International Sewerage Videos

Everyday, anywhere in the world, there are a lot of wastewater. There are various policies and facilities in the world to treat the “problem” or “treasure”. You may think you are an expert for this in your country, but are you really expert, in the world? Let’s look at some videos.

Orange County in southern California has built a 500-million-dollar state-of-the-art water treatment plant which turns raw sewage into pure drinking water. The biggest challenge for the authorities is not the technology but selling the public on the process known as from toilet-to-tap. Aquaviva, located in the basin of Cannes, will be the world’s first “carbon neutral” wastewater treatment plant. Explanation in pictures from Jean-Pascal Darriet, regional Director, Lyonnaise des eaux.
Buffalo’s wastewater treatment facility uses innovative technology. Bio-solids are instead turned into fuel for the facility, allowing the city to cut the plant’s natural gas consumption by 80 percent. Energy savings in the first year are expected to exceed $90,000. Öresundsverket was commissioned in 1974 and is one of Sweden’s largest sewage treatment plants to solely utilize a biological phosphorus separation process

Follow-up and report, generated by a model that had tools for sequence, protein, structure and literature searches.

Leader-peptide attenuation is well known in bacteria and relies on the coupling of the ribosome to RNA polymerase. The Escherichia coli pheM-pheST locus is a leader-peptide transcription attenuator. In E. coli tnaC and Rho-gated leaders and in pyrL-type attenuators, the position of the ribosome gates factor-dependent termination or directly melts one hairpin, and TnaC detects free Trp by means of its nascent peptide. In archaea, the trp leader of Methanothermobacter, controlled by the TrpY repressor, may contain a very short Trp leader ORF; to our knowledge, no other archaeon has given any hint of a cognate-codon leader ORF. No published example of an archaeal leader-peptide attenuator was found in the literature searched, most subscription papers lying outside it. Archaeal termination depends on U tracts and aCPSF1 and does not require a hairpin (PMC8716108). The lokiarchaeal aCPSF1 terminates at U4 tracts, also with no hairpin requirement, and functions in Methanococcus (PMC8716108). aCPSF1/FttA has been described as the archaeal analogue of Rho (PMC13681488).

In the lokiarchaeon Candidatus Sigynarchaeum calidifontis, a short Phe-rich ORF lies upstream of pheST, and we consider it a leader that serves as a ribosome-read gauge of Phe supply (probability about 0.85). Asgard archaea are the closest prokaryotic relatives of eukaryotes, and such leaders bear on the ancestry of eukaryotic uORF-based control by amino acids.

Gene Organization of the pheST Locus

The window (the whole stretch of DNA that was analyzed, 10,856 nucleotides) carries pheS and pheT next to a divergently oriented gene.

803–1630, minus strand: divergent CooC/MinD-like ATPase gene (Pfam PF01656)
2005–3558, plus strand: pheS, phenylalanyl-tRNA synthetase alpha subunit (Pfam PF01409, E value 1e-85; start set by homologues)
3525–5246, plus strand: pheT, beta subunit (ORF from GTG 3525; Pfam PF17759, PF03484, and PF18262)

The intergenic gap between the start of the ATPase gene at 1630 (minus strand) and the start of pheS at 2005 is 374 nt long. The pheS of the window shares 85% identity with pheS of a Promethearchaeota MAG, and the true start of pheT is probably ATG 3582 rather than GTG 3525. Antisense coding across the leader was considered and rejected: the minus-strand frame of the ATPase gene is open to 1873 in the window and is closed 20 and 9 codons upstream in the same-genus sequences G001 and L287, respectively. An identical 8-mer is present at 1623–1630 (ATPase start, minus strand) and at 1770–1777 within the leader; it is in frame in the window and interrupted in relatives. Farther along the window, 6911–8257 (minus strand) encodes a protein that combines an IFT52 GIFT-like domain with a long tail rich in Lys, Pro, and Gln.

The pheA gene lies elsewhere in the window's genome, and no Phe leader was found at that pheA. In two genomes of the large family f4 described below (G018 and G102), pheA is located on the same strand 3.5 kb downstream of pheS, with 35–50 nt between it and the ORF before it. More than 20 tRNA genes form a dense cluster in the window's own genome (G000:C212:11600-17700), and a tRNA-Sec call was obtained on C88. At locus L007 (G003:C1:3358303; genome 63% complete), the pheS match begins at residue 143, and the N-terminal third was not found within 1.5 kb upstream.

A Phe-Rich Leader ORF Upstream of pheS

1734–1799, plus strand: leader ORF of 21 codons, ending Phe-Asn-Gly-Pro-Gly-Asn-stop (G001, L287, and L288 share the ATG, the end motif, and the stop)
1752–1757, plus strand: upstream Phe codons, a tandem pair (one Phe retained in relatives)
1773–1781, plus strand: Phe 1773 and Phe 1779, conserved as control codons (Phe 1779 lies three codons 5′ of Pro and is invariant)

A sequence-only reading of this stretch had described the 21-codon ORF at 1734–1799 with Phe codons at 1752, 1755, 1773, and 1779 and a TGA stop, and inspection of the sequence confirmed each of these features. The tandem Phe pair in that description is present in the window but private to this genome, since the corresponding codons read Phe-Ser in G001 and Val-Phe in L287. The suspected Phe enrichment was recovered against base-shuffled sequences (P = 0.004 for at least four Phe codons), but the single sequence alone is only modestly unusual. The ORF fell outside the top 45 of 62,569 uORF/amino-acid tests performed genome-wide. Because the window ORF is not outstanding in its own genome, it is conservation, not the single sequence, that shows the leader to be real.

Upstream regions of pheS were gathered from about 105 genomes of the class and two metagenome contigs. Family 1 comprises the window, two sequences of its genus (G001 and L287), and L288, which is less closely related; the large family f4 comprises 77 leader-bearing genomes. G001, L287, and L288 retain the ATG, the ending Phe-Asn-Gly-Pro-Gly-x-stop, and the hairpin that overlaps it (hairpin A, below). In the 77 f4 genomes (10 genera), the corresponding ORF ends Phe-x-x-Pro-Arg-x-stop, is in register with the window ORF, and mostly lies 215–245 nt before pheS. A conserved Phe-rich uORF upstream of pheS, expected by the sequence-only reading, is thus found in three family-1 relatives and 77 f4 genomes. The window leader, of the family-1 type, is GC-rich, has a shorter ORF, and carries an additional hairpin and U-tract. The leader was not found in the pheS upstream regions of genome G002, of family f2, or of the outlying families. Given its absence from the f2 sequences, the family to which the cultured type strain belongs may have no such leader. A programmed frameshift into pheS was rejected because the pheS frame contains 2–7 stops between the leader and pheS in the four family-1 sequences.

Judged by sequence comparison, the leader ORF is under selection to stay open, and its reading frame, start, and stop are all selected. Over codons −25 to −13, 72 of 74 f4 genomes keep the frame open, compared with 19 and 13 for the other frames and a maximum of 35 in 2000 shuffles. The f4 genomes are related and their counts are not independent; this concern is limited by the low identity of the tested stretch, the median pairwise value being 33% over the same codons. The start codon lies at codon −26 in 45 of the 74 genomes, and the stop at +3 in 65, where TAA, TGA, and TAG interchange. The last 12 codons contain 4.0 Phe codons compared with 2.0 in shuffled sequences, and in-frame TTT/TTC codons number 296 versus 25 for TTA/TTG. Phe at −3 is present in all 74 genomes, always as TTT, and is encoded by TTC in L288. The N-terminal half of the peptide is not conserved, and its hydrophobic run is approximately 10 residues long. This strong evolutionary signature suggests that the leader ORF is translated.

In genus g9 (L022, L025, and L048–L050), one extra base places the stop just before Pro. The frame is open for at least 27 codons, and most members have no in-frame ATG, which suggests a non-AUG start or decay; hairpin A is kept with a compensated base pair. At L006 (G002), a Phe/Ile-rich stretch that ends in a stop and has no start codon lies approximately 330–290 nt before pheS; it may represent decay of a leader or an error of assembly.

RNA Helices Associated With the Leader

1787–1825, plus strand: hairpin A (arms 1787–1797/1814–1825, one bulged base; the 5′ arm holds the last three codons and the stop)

Learn how Edmond’s waste water is treated by its award-winning waste water treatment plant. Unique performance on wastewater treatment plants. An exceptional removing of sewage contaminants ensure the development and natural gain of fish in effluent !
Jaipur plant converts sewage into treated water for farming and generates electricity from methane captured by the facility. Wetterskip Fryslân processes wastewater from homes, industries and businesses. The clean water is then discharged into open water.
Water and Sanitation project in CHONGQING, China. At the first world cities summit, mayors and others will discuss how to keep fast-growing cities livable. One megacity in China, Chongqing is trying to provide clean drinking water and waste treatment for millions of residents. The Global Environmental Fund’s Small Grant Programme provided funding to install an environmentally friendly wastewater treatment plant in Minge, a small community living in an area sensitive to water pollution. This enabled the residents of this picturesque fishing village to develop infrastructure for rural and water tourism, thus creating additional income opportunities.